Dir: Jason Liquori
Star: Jason Liquori, Monique Parent, Brewier Welch, Christina Daoust
Call me a masochist, but after watching Lumber vs. Jack, I felt like I simply had to see this sequel. I’m not 100% sure why, and it may have been a mistake to do so sober – I’d finished off all our whisky in the previous installment. Let’s just say, Chris has now put her foot down and is refusing to have anything to do with the third entry in this “franchise”, announced at the end: Jack and Jill vs. the Hill. What, was Jack vs. Shit already taken?
As the title suggests, once again, we get hero Jack Woods (Liquori) taking on the evil products of genetic engineering, made by the Genbetter Corporation. Even though its head, Brad Surebanks (Welch) was killed at the end of part one, his company’s research continues, and this time has unleashed a horde of half-human, half-pumpkin monsters on rural North Carolina, just in time for the local pumpkin festival. Genbetter has also developed cloning technology. Which is fortunate for Surebanks’ divorced wife, Tiffany (Parent). Because she needs to get hubby back from the dead so he can change his will to include her, and then get killed off again.
Technically, Liquori does seem to have learned a bit from his previous effort, and this is more polished, although still some way short of slick. The most obvious grating feature is huge quantities of superfluous green-screen work. This is used even when the background is entirely mundane, like a tent. The big plus is Parent, who shows the difference between a professional actress and… everyone else. Actual acting, folks! Her character is also much better integrated into proceedings than Debbie Rochon in Lumber, where it seemed Rochon was taking part in a different movie.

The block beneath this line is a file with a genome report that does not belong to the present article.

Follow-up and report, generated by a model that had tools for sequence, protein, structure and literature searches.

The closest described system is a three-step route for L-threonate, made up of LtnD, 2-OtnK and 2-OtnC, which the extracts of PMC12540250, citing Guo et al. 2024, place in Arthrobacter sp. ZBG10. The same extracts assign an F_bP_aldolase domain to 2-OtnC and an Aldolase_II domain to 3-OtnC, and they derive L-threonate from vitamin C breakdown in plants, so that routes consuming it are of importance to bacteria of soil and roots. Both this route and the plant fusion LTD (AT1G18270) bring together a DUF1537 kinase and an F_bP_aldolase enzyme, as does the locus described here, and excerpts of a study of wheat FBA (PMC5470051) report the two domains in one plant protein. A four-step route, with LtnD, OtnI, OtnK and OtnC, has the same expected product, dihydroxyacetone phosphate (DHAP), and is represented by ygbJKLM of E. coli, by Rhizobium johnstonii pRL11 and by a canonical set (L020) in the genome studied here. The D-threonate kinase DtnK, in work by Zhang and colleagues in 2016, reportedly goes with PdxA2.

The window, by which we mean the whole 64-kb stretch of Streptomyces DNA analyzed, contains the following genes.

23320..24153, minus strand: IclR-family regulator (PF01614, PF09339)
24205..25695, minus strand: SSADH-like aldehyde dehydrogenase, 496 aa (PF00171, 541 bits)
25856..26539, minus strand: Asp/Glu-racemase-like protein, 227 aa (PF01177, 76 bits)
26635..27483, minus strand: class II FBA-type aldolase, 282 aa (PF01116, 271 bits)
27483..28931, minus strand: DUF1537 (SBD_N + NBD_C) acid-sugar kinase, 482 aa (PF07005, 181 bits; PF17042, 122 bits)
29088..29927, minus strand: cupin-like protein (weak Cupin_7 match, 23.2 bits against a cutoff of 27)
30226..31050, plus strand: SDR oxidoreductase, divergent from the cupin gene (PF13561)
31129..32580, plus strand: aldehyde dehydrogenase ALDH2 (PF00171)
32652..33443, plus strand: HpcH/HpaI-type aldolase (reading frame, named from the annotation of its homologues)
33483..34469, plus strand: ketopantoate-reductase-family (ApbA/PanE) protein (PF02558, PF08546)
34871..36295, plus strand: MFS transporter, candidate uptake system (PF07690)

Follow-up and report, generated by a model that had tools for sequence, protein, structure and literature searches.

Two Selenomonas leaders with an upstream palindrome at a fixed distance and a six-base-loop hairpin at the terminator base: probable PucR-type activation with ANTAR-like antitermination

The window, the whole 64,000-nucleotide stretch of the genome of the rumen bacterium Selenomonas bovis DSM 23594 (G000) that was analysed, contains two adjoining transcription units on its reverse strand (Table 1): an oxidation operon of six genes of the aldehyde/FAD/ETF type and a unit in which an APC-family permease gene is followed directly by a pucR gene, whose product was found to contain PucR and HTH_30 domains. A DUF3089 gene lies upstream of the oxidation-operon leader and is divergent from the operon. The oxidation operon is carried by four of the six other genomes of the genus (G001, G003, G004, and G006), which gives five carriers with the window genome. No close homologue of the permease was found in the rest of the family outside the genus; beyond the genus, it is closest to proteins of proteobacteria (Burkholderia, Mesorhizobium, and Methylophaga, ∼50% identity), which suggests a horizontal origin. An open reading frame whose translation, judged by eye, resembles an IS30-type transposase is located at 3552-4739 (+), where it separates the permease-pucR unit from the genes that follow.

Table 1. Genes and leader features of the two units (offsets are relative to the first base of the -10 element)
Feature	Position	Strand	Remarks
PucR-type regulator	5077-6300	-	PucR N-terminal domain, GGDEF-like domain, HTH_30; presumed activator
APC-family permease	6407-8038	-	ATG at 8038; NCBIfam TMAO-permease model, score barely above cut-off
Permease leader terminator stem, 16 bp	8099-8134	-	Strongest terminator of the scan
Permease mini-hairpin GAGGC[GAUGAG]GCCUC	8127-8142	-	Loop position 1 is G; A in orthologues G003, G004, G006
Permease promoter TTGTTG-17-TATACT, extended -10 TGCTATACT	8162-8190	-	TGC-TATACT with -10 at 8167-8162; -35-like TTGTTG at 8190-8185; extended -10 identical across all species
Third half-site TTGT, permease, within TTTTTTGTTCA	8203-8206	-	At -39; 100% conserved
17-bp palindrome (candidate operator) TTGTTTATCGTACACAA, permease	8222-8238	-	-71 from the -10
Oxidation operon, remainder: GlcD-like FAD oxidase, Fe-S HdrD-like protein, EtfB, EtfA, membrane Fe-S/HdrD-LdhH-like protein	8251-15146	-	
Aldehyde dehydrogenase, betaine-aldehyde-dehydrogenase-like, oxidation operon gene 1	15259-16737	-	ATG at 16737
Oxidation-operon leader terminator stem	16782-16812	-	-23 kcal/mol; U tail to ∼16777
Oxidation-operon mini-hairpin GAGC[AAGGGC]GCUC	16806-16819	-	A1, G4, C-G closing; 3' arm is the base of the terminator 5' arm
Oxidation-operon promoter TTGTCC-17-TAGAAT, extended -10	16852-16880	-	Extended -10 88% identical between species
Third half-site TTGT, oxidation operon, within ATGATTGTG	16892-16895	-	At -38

However, at 105 minutes, this is certainly stretched beyond what it should be, even allowing for the very… slow… pace… at which the pumpkin monsters move. The effects still remain staggeringly primitive, with the creatures little more than Halloween store masks, until Jack needs to ax them, at which point you get cutaways to fragments of actual pumpkin flying through the air. The audio still needs work, with chunks of the dialogue muffled or entirely inaudible. Not that it matters much, since we’re hardly talking Shakespearean levels of writing.
Indeed, the film is probably at its best when no-one is talking. The early sequence where a pumpkin monster stalks a woman who mistook it for a porch decoration is surprisingly tense, with its implacable relentlessness working for the scene. Continuing down that line, with an increasing number of threats, rather than the (frankly, idiotic) Brad cloning plot might have been a better idea. Though I’ll admit to a cheap snigger at how the dumbed-down copy of Brad turns into a Doctor Who fan. Indeed, the film depicted in the poster could have been an improvement too. It’s notable by the entire absence of Jack, save for the title, in favour of various action heroines. That one might not even have needed whisky.